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UnitedHealth's Insurer Expands Navigator Team

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A UnitedHealth Group Inc. storefront in Queens. (Photo: Michael Nagle/BB) A UnitedHealth Group Inc. storefront in Queens. (Photo: Michael Nagle/Bloomberg)

Executives from UnitedHealth Group Inc. started the second-quarter earnings release season Thursday by talking a lot more about efforts to manage health care than about the business of insurance.

Dirk McMahon, the new chief executive officer of the company’s UnitedHealthcare health insurance unit, said his focus will be on cutting costs and improving patients’ experience.

“Cost impacts member health when it’s a barrier to getting care, and we need to address that even better for people,” McMahon said, during a conference call UnitedHealth to go over its latest earnings with securities analysts.

(Related: We’re the Ones Actually Improving Health Care: UnitedHealth)

McMahon also talked about efforts to provide health care system navigation services, to help patients get health care services and use their health insurance benefits.

The company is working to provide more digital and human navigators for consumers, McMahon said.

The company said it now has about 1,000 navigators in place at its Navigate4Me unit.

The company has been offering the program to enrollees in plans aimed at people over 65 who have complex conditions.

The program “provides them with a single point of contact for concierge services, and a dedicated team of experts, supported by a proprietary technology platform with integrated data,” McMahon said.

The program appears to have reduced affected patients’ use of emergency room services by 9%, and it has reduced the patients’ hospitalization rate by 14%, McMahon said.

In 2020, UnitedHealth will expand the care coordination effort. It will provide all plan enrollees who are eligible for both Medicare and Medicaid with a personal care coordinator, to help with tasks such as scheduling appointments and filling prescriptions, McMahon said.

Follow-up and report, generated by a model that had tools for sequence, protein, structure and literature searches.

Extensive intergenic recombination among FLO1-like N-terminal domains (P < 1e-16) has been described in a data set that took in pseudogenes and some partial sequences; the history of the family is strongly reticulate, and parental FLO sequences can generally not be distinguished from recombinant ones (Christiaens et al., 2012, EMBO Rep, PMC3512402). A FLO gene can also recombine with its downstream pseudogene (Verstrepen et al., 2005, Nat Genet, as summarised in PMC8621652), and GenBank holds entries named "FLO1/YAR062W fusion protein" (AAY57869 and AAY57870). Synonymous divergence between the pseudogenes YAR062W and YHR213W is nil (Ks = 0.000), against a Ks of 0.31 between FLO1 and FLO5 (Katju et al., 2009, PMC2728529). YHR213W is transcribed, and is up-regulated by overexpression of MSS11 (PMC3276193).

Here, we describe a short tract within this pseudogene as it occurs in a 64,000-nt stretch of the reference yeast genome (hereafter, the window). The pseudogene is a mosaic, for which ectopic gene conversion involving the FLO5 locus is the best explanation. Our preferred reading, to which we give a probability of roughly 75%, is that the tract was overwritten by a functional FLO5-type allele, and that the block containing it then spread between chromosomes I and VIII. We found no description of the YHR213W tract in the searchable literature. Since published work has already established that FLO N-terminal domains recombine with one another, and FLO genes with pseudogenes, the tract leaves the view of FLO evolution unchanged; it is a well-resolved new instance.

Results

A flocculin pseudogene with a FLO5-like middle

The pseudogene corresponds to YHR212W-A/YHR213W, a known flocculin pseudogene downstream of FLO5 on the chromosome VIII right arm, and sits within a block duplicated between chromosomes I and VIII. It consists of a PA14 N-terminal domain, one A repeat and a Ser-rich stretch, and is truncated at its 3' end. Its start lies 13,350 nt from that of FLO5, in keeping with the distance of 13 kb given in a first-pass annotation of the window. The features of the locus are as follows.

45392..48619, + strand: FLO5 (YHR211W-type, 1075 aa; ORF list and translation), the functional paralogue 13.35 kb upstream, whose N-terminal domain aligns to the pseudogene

McMahon said another new program, a preferred testing lab program, is helping patients save money and order more lab tests through electronic systems.

Those changes and similar types of changes could cut medical spending by UnitedHealthcare plan enrollees by about $20 billion per year, McMahon said.


UnitedHealth is reporting $3.4 billion in net income for the second quarter on $61 billion in revenue, up from $2.9 billion in net income on $56 billion in revenue for the second quarter of 2018.

The UnitedHealthcare unit is reporting $2.6 billion in operating earnings for the latest quarter on $49 billion in revenue, up from $2.4 billion in operating earnings on $46 billion in revenue for the year-earlier quarter.

The company ended the quarter providing or administering health care coverage for 50 million people, up 1.4% from the year-earlier total.

Here’s what happened to the number of people covered by certain types of coverage:

  • Fully insured commercial health insurance: 8.3 million (-0.7%)
  • Self-insured employer health plans that UnitedHealthcare administers: 19 million (+3.7%)
  • Fully insured and self-insured commercial plans: 27 million (+2.2%))
  • Medicare Advantage: 5.2 million (8+.4%)
  • Medicare supplement: 4.5 million (-0.2%)
  • Medicaid: 6.4 million (-5.2%)
  • International: 6.1 million (+0.8%)


Information about UnitedHealth’s latest earnings is available here.

— Read UnitedHealth and AMA Propose Diagnosis Code for ‘Unable to Pay for Prescriptions’on ThinkAdvisor.

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